NASA's Aqua satellite showed that thunderstorms in the low had the potential for heavy rain as it continues to track over land, and heavy rainfall warnings are in effect in the Northern Territory.
NASA's Aqua satellite passed over System 94S on January 15 at 11:59 a.m. EST and saw a band of powerful thunderstorms (purple) northwest of the center of the broad circulation center entering the Timor Sea from Northern Territory, Australia.
Image Credit: NASA JPL, Ed Olsen
NASA's Aqua satellite passed over System 94S on January 15 at 11:59 a.m. EST and the Atmospheric Infrared Sounder instrument saw a band of powerful thunderstorms northwest of the center of the broad circulation center entering the Timor Sea from Northern Territory, Australia. Some of the thunderstorms were very high, and cloud top temperatures colder than -63F/-52C. Those temperatures are conducive to a NASA study that indicates the potential for those storms to have heavy rainfall rates.
On January 16 at 08:30 UTC/3:30 a.m. EST/6 p.m. Darwin local time, System 94S was centered about 370 nautical miles east of Broome, Australia near 18.6 south and 128.6 east. System 94S continues to track to the west and computer models indicate that it may re-emerge in the waters of the Southern Indian Ocean in the next 4 to 5 days.
The Australian Government Bureau of Meteorology or ABM for the Northern Territory issued a Severe Weather Warning for heavy rainfall and flash flooding on January 16 as the low continued to move slowly west. The warning was for residents in the Victoria River and northwest Alice Springs Districts and it was issued at 10:29 p.m. CST/local time.
At 1200 UTC/7 a.m. EST/9:30 p.m. CST/Darwin local time, System 94S was centered near latitude 19.5 south and longitude 128.7 east about 99.4 miles/160 kilometers west northwest of Rabbit Flat. The ABM forecasts the low to move south along the western border of the Northern Territory.
The Joint Typhoon Warning Center or JTWC reported that animated multispectral satellite imagery and the radar loop from Halls Creek, Australia, showed a defined circulation center with several bands of convection wrapping around the center (which is still over land). Maximum sustained surface winds were estimated as high as 20 knots.
Currently, the JTWC gives this system a low chance for development into a tropical cyclone over the next day or two.Text credit: Rob Gutro
Rob Gutro | EurekAlert!
Multi-year submarine-canyon study challenges textbook theories about turbidity currents
12.12.2017 | Monterey Bay Aquarium Research Institute
How do megacities impact coastal seas? Searching for evidence in Chinese marginal seas
11.12.2017 | Leibniz-Institut für Ostseeforschung Warnemünde
Researchers have developed a water cloaking concept based on electromagnetic forces that could eliminate an object's wake, greatly reducing its drag while...
Tiny pores at a cell's entryway act as miniature bouncers, letting in some electrically charged atoms--ions--but blocking others. Operating as exquisitely sensitive filters, these "ion channels" play a critical role in biological functions such as muscle contraction and the firing of brain cells.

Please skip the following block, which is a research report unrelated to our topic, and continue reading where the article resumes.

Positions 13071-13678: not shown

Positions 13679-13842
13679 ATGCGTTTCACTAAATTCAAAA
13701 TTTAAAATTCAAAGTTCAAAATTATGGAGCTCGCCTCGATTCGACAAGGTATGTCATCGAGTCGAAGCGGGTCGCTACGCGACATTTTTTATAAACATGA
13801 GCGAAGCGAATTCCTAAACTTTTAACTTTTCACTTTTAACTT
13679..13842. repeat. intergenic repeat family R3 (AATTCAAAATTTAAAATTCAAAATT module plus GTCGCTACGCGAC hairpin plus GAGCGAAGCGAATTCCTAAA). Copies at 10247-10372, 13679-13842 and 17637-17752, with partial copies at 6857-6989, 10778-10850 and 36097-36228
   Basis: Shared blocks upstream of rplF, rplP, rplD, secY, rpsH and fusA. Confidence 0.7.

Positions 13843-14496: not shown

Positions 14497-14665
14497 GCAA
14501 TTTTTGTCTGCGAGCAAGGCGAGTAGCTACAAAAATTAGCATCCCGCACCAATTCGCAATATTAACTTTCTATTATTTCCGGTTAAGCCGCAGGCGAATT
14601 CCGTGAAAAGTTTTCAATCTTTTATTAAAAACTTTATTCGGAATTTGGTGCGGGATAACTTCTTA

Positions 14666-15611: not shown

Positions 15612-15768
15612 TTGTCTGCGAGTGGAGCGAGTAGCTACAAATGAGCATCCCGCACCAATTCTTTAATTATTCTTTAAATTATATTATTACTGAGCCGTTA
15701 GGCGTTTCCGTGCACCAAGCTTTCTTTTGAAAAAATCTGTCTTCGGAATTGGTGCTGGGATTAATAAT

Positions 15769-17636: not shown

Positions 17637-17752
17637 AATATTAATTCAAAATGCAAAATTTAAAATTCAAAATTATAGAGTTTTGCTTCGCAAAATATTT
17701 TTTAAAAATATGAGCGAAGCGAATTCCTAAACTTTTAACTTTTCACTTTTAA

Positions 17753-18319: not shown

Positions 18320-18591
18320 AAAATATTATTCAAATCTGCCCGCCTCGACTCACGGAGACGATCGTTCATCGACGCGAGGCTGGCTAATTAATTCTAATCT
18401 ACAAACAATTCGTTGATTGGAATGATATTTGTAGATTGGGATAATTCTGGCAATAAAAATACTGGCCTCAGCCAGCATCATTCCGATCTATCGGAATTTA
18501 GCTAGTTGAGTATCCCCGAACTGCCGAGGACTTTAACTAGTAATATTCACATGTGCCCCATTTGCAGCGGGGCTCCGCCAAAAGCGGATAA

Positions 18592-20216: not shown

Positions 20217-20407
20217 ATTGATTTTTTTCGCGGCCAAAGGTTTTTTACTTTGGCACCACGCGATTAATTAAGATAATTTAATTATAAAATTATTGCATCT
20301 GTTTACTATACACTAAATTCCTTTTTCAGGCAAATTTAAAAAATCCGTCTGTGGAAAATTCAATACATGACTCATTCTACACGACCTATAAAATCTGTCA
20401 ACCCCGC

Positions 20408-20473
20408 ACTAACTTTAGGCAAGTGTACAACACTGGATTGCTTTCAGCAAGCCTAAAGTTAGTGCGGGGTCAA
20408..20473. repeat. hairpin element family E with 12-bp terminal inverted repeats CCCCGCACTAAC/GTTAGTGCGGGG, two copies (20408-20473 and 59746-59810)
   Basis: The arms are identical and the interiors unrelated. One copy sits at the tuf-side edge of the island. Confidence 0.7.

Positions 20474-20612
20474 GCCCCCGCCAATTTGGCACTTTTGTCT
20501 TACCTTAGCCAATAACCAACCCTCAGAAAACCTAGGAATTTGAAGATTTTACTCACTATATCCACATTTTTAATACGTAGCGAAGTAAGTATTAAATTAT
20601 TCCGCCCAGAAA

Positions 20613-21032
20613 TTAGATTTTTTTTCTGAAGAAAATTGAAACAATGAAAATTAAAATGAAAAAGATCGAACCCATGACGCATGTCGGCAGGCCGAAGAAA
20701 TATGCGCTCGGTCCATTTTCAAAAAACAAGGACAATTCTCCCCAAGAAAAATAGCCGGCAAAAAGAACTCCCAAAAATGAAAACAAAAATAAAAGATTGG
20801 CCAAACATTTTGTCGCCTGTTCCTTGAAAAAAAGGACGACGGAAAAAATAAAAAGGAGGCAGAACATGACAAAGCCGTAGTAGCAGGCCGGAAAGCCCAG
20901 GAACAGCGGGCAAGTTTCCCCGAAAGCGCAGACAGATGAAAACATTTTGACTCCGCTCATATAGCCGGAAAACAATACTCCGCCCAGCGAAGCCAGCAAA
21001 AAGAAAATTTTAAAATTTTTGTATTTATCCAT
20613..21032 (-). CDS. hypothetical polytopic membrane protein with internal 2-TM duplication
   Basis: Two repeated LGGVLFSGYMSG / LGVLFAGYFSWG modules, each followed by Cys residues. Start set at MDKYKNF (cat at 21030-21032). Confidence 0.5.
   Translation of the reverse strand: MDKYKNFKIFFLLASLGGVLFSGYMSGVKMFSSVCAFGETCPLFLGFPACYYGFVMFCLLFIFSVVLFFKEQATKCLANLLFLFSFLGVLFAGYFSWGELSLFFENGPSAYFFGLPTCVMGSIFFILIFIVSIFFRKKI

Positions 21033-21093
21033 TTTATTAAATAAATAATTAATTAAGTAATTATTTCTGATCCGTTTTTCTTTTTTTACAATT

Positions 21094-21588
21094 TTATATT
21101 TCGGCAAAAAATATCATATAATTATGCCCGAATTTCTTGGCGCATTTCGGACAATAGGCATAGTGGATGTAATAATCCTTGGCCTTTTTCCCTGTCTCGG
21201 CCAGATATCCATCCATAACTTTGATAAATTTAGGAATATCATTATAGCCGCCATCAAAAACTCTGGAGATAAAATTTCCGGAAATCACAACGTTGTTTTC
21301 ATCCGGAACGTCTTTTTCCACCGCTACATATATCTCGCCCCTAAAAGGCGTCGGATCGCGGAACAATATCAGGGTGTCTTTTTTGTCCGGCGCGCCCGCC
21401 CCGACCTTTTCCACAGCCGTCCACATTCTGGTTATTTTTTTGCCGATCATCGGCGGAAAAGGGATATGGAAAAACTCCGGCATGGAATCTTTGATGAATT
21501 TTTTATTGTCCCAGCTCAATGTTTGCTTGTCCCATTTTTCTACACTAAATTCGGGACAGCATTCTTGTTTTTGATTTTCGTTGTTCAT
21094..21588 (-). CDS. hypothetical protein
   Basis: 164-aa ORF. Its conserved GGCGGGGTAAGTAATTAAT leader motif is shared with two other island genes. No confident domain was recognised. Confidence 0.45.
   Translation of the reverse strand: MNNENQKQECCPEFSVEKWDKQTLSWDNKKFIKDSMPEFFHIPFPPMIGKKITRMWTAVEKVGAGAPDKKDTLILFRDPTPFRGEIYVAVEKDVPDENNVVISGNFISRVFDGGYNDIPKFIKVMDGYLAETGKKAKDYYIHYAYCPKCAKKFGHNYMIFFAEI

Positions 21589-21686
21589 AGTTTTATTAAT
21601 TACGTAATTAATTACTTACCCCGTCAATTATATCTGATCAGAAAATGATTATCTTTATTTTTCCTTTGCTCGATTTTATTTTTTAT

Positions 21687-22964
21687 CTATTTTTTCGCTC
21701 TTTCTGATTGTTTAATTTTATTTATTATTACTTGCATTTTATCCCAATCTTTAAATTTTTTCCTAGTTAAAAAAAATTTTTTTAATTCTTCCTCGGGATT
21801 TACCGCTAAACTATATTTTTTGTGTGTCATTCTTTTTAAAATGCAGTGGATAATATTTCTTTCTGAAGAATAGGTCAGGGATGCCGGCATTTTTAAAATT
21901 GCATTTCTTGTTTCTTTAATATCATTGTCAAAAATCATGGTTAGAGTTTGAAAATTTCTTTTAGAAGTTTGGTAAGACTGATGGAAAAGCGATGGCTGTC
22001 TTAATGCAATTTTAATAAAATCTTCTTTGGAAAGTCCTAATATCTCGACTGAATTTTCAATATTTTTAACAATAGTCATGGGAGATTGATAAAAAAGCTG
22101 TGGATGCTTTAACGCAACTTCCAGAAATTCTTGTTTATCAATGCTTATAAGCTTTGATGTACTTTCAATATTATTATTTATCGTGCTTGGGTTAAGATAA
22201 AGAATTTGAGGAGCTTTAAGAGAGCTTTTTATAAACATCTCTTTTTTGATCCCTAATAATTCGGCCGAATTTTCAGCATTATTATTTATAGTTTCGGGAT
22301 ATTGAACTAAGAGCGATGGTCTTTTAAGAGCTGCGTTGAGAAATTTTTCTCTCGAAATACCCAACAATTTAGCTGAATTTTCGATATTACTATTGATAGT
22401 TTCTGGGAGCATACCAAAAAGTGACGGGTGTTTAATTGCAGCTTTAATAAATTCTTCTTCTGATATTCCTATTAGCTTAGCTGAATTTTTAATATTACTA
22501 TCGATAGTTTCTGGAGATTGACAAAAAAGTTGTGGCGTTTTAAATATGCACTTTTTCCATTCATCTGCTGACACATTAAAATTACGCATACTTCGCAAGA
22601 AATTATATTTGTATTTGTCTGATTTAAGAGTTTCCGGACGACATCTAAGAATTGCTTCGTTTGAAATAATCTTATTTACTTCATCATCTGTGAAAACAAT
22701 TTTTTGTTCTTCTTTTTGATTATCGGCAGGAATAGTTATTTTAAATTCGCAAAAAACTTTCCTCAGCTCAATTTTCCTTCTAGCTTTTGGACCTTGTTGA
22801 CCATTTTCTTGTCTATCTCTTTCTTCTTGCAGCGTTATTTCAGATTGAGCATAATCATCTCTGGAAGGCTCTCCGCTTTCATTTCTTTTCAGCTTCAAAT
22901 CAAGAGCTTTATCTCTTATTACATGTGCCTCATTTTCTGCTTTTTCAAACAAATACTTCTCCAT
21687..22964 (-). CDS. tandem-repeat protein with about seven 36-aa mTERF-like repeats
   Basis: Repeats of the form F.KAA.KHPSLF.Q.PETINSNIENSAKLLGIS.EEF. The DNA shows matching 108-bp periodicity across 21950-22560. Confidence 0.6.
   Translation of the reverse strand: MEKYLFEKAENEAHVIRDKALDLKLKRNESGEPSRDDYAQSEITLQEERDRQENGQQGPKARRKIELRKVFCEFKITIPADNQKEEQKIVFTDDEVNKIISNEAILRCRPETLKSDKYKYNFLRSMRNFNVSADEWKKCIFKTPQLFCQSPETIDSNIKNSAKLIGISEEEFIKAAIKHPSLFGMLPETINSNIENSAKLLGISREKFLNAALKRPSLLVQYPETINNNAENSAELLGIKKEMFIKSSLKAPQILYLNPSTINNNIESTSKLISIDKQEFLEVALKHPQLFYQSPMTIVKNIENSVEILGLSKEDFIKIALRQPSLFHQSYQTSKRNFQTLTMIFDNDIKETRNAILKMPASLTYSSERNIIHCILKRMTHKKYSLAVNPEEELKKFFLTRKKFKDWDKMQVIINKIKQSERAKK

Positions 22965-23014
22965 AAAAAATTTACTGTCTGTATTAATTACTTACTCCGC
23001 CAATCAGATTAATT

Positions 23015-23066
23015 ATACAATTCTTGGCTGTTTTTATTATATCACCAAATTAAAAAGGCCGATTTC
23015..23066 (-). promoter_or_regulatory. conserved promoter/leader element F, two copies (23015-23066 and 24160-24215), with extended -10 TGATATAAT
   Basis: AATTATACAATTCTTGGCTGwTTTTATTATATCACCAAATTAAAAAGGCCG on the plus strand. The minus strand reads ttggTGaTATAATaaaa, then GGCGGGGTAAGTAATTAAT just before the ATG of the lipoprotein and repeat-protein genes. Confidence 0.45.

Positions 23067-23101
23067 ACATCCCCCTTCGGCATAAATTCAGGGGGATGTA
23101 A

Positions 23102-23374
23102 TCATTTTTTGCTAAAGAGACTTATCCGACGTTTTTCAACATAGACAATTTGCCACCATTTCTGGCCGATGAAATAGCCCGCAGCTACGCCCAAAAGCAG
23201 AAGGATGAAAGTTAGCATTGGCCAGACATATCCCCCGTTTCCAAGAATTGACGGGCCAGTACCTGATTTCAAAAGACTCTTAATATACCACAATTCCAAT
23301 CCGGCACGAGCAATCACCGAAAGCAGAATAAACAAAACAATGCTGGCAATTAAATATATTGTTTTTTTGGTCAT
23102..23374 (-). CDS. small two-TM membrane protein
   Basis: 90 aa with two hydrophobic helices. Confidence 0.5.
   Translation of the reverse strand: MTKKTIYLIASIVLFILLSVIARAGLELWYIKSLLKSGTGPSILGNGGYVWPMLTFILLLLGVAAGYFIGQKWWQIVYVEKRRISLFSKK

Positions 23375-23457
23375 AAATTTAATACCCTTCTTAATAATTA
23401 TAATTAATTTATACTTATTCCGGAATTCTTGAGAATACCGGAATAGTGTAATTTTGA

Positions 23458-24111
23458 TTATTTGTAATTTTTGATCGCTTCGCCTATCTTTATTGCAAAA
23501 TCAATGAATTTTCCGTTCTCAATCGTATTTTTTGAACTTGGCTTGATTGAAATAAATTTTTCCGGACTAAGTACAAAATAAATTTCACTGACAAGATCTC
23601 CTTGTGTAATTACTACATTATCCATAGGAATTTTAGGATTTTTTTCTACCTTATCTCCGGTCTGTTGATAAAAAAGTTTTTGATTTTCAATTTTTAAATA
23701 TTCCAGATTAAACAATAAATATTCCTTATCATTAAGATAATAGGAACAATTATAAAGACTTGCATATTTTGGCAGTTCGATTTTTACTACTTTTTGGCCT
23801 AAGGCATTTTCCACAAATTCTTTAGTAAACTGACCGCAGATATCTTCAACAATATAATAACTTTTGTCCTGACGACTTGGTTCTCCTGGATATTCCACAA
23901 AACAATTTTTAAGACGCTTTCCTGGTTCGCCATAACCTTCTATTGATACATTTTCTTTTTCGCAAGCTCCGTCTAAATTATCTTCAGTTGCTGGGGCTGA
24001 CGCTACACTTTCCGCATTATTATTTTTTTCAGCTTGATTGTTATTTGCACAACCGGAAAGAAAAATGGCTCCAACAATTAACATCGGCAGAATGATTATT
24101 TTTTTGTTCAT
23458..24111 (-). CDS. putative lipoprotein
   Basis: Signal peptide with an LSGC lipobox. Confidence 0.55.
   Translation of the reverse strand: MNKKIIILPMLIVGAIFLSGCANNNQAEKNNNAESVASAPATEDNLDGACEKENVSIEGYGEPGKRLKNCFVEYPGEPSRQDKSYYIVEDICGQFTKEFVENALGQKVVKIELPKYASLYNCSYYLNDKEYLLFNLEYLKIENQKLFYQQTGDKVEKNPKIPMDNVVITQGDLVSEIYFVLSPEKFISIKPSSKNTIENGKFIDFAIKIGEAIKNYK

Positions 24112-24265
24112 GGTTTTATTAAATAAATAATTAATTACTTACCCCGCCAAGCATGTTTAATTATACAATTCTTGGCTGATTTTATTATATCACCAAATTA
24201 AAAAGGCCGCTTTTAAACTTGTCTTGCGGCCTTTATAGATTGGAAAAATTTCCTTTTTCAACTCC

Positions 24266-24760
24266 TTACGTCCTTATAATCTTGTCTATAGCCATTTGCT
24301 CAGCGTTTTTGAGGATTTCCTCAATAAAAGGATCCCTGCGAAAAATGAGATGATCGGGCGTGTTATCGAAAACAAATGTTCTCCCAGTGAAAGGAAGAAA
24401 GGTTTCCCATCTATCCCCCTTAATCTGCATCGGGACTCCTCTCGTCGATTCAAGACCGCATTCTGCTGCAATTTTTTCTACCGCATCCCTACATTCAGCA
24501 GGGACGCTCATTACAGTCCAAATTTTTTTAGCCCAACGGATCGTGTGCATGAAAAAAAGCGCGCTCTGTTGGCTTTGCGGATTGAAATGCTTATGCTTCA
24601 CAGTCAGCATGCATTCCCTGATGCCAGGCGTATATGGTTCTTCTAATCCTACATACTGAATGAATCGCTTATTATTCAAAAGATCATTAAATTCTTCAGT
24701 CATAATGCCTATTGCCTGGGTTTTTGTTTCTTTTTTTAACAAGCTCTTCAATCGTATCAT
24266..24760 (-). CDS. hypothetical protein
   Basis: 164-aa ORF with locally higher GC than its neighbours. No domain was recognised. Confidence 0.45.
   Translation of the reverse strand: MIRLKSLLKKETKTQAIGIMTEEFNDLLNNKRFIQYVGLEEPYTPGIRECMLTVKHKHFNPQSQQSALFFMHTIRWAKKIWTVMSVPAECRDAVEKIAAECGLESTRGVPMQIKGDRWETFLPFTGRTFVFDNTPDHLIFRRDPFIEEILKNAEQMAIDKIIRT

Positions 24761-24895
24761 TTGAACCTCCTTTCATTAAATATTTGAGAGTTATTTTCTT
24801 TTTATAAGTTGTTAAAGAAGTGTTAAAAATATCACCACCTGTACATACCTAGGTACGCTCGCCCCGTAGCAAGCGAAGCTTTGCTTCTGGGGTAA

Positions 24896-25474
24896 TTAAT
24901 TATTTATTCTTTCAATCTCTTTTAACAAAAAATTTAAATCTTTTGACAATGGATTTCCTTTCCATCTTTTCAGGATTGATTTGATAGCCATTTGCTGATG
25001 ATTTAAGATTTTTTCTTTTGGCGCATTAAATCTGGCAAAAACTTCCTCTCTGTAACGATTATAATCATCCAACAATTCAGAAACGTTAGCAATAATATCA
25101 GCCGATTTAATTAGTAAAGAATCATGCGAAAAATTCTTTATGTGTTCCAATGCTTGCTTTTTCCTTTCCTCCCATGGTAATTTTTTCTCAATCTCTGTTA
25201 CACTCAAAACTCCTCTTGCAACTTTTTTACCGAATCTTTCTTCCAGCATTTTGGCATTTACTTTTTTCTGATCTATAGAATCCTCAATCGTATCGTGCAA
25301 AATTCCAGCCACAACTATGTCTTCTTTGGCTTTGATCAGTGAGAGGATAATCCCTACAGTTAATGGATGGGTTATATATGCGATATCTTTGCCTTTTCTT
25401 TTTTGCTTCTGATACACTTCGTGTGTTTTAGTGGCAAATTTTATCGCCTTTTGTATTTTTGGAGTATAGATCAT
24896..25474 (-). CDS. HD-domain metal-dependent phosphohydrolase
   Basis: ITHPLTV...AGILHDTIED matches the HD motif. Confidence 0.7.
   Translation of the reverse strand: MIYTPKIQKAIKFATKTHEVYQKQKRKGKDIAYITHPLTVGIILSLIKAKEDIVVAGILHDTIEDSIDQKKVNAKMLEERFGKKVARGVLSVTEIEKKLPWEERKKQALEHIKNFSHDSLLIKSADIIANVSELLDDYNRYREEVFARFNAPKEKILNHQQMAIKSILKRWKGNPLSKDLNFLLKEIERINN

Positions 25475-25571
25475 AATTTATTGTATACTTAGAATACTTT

To rapidly transport the right ions through the cell membrane, the tiny channels rely on a complex interplay between the ions and surrounding molecules,...
The miniaturization of the current technology of storage media is hindered by fundamental limits of quantum mechanics. A new approach consists in using so-called spin-crossover molecules as the smallest possible storage unit. Similar to normal hard drives, these special molecules can save information via their magnetic state. A research team from Kiel University has now managed to successfully place a new class of spin-crossover molecules onto a surface and to improve the molecule’s storage capacity. The storage density of conventional hard drives could therefore theoretically be increased by more than one hundred fold. The study has been published in the scientific journal Nano Letters.
Over the past few years, the building blocks of storage media have gotten ever smaller. But further miniaturization of the current technology is hindered by...
With innovative experiments, researchers at the Helmholtz-Zentrums Geesthacht and the Technical University Hamburg unravel why tiny metallic structures are extremely strong
Light-weight and simultaneously strong – porous metallic nanomaterials promise interesting applications as, for instance, for future aeroplanes with enhanced...
An interdisciplinary group of researchers interfaced individual bacteria with a computer to build a hybrid bio-digital circuit - Study published in Nature Communications
Scientists at the Institute of Science and Technology Austria (IST Austria) have managed to control the behavior of individual bacteria by connecting them to a...
11.12.2017 | Event News
08.12.2017 | Event News
07.12.2017 | Event News
12.12.2017 | Earth Sciences
12.12.2017 | Power and Electrical Engineering
12.12.2017 | Life Sciences